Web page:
"Spy Kids" seems like a strange choice for director Robert Rodriguez. After
all he is best known for bloody movies like "Desperado" and "From Dusk Till
Dawn." However, upon closer examination, one realizes that despite his new
"family friendly" approach, his basic style hasn't changed. Faithful viewers
will remember that "From Dusk Till Dawn" was never meant to be taken
seriously for a moment. No matter how gruesome it was, it was clearly made
"just for fun," in the tradition of "Evil Dead."
This is his most blatantly cartoonish film yet, one which gleefully throws all credibility to the winds. With Rodriguez, questions of credibility are a nonissue. The only real concern is, "is this funny and entertaining?" In this case it certainly is. It's much better than most of the so-called "family movies" out there today. It breezes through its short running time with few lags.
Newcomer Alexa Vega is engaging as Carmen; even at this age she has a great deal of spunk and charisma. We should look forward to seeing her future work, I hope she succeeds as an actress. Likewise, Alan Cumming makes a fun antihero, suspiciously reminiscent of Willy Wonka.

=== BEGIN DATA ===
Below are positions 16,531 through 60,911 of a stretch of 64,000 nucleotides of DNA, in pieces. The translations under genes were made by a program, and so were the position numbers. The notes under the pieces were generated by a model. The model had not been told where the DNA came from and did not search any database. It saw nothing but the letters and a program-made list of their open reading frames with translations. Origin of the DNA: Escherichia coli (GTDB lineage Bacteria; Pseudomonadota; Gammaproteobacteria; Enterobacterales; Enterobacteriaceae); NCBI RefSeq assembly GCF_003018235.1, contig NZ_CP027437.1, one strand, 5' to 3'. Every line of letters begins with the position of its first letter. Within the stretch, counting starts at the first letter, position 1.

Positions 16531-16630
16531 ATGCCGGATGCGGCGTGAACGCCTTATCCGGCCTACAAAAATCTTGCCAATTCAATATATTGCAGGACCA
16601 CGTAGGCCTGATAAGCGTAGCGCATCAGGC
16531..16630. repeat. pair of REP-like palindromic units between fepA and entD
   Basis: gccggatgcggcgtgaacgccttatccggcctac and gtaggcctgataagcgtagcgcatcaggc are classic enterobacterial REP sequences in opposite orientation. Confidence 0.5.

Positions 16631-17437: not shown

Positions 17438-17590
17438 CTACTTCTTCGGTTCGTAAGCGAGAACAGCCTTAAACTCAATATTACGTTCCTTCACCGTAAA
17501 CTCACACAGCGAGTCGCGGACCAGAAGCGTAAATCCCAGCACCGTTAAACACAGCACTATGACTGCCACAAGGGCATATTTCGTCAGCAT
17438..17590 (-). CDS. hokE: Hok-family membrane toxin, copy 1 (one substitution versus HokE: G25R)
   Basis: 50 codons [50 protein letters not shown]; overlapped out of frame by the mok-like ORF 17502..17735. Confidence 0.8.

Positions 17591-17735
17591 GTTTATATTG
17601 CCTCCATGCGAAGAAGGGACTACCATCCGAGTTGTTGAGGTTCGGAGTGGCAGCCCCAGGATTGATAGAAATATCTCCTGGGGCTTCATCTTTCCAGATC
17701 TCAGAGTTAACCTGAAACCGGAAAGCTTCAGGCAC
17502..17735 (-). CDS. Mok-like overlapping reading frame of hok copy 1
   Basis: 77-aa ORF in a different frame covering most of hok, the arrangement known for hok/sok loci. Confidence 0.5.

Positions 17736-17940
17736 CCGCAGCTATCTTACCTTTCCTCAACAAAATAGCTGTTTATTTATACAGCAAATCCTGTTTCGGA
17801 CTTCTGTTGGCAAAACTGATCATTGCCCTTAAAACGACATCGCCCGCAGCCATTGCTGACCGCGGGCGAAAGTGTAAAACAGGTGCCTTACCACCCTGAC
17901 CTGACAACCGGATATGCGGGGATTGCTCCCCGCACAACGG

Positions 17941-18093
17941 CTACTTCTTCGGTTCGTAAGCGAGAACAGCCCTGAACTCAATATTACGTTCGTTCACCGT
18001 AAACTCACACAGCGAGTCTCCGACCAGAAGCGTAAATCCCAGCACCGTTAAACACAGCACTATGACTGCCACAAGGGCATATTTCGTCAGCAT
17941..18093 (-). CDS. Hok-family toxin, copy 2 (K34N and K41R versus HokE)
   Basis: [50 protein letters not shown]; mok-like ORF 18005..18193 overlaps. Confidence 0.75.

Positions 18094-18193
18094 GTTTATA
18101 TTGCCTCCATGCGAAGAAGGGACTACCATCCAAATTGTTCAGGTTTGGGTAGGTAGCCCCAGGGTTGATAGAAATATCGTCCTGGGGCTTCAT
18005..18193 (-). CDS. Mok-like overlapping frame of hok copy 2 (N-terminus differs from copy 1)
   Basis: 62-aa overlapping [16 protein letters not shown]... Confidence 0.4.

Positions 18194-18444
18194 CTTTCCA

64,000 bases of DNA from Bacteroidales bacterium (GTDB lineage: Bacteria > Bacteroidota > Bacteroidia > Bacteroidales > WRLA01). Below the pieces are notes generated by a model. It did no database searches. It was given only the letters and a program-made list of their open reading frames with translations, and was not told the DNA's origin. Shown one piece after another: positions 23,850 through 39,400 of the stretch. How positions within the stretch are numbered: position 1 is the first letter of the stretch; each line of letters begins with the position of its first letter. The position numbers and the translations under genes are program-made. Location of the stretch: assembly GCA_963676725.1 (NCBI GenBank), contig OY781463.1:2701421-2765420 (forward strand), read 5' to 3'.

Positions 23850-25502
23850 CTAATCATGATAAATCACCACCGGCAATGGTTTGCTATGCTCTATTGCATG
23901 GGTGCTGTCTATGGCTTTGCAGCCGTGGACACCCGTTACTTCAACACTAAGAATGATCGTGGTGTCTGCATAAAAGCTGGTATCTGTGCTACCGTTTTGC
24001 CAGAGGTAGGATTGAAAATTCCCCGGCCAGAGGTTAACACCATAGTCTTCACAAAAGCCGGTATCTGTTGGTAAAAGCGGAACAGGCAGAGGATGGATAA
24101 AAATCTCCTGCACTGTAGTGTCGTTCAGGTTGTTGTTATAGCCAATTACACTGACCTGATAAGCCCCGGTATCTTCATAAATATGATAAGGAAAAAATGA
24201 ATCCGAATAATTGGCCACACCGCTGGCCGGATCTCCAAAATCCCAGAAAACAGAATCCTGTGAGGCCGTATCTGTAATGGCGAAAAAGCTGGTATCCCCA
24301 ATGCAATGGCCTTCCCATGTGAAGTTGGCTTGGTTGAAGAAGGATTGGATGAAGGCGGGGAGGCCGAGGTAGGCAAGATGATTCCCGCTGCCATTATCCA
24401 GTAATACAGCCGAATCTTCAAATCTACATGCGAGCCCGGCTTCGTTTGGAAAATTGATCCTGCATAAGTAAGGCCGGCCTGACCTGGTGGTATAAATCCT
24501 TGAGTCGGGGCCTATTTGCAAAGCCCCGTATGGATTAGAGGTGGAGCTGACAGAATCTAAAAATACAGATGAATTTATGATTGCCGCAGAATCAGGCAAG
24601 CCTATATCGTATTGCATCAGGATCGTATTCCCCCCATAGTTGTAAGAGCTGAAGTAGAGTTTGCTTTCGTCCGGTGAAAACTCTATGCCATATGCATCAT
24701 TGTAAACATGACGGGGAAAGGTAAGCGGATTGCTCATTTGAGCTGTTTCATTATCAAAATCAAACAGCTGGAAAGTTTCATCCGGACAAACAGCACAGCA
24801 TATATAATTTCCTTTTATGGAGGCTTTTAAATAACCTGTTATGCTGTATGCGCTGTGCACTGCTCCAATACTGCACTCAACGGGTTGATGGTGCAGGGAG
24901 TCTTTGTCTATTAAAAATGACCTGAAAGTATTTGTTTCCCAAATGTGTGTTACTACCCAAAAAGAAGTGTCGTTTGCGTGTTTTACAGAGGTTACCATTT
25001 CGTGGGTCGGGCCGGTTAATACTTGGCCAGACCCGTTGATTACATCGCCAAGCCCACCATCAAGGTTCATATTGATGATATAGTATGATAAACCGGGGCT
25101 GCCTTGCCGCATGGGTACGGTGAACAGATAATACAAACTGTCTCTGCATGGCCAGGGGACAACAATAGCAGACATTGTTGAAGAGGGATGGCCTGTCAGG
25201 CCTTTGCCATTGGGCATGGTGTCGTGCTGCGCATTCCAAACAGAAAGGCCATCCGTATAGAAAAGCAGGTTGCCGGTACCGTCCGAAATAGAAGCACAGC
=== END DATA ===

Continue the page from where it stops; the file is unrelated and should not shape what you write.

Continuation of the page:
*** (out of ****)
Released by Dimension Films
The movie begins with Carmen Cortez (Alexa Vega) requesting her mom Ingrid (Carla Gugino) to tell her favorite bedtime story, "The Two Spies That Fell In Love". Little does she know that is the story of her mom and dad met and married. Gregorio (Antonio Banderas) and Ingrid had retired from being spies, and become consultants. Or are they? But when members of a spy business starts disappearing, Gregorio accepts the mission and he and his wife leaves, and leaves thier "so called" Uncle Felix to watch Carmen and her younger brother Juni (Daryl Sabara). But when thier parents are kidnappped by a evil man (Tony Shalhoub) and a children's show host named Floop (Alan Cumming from Annie, and The Flintstones in Viva Rock Vegas). It is up to Carmen and Juni to save thier parents and the world from Floop and his inventions called Spy Kids and Thumb-Thumbs. But they got to learn to trust and respect each other.